DP15279 Pricing above value: selling to an adverse selection market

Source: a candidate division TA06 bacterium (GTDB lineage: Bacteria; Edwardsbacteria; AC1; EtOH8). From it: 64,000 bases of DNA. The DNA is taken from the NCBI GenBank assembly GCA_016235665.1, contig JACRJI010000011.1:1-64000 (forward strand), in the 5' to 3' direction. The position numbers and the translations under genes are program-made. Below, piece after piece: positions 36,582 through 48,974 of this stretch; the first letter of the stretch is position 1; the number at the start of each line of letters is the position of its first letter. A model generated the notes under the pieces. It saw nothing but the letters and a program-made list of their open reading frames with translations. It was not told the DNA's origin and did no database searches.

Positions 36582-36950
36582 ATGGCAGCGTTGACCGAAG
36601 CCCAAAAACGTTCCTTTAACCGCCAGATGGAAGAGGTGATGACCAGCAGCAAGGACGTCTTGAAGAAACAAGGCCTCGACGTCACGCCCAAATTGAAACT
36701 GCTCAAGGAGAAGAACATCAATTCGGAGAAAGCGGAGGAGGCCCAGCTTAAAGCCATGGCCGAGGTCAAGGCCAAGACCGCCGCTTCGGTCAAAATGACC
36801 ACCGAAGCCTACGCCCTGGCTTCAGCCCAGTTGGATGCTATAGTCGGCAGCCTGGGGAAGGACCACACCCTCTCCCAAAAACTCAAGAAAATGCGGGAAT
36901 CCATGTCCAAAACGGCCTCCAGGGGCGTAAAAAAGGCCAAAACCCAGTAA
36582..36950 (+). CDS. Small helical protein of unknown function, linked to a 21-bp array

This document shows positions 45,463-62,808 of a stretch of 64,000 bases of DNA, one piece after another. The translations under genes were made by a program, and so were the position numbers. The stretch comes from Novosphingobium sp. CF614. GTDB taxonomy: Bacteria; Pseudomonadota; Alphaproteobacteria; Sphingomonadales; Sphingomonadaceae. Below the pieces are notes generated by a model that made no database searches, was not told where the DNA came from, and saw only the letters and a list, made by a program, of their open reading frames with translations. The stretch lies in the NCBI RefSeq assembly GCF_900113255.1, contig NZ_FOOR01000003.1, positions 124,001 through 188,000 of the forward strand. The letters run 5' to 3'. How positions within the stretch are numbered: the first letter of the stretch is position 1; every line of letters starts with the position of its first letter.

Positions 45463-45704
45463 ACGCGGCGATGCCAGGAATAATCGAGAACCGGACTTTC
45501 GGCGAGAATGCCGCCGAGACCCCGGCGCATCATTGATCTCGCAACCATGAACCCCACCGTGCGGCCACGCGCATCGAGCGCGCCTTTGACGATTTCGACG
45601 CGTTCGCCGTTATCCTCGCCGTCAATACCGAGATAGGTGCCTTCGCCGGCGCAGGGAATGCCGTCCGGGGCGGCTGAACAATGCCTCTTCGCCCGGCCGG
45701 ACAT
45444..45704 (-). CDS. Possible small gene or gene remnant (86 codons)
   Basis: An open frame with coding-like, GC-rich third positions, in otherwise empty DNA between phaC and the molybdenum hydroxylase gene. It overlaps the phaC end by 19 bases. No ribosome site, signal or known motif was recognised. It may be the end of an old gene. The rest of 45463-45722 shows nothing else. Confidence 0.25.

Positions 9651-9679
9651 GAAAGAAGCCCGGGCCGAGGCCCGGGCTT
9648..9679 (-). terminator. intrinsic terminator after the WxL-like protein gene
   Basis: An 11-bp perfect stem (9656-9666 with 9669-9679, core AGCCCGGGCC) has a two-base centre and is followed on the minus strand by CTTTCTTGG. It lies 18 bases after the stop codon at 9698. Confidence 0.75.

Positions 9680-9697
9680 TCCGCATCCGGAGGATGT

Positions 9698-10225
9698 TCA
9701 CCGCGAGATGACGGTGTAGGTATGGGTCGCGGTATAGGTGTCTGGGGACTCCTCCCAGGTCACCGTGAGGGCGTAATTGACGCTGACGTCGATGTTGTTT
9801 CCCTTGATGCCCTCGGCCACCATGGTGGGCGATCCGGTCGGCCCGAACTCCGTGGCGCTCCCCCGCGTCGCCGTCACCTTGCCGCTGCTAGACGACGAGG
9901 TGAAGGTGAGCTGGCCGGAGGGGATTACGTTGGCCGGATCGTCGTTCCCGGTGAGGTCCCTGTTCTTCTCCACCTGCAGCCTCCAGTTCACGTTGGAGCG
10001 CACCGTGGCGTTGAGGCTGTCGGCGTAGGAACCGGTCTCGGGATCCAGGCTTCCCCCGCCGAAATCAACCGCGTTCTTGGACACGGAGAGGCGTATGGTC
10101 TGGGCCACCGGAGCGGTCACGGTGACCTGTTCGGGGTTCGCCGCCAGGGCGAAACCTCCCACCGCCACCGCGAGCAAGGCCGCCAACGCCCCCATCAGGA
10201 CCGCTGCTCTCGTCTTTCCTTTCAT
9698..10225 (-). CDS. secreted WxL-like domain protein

This paper shows that it is possible for intermediate goods to be priced above the value that the good has for final consumers. This happens in sectors selling to adverse selection markets where the cost difference between consumer types is dominated by their elasticity difference. High input prices then help to separate consumer types. An increase in competition can raise prices further. We use the example of pharmaceutical companies selling drugs to a health insurance market at prices exceeding value. Another feature of the model is an excessive private incentive to reduce market size, e.g. in the form of personalized medicine.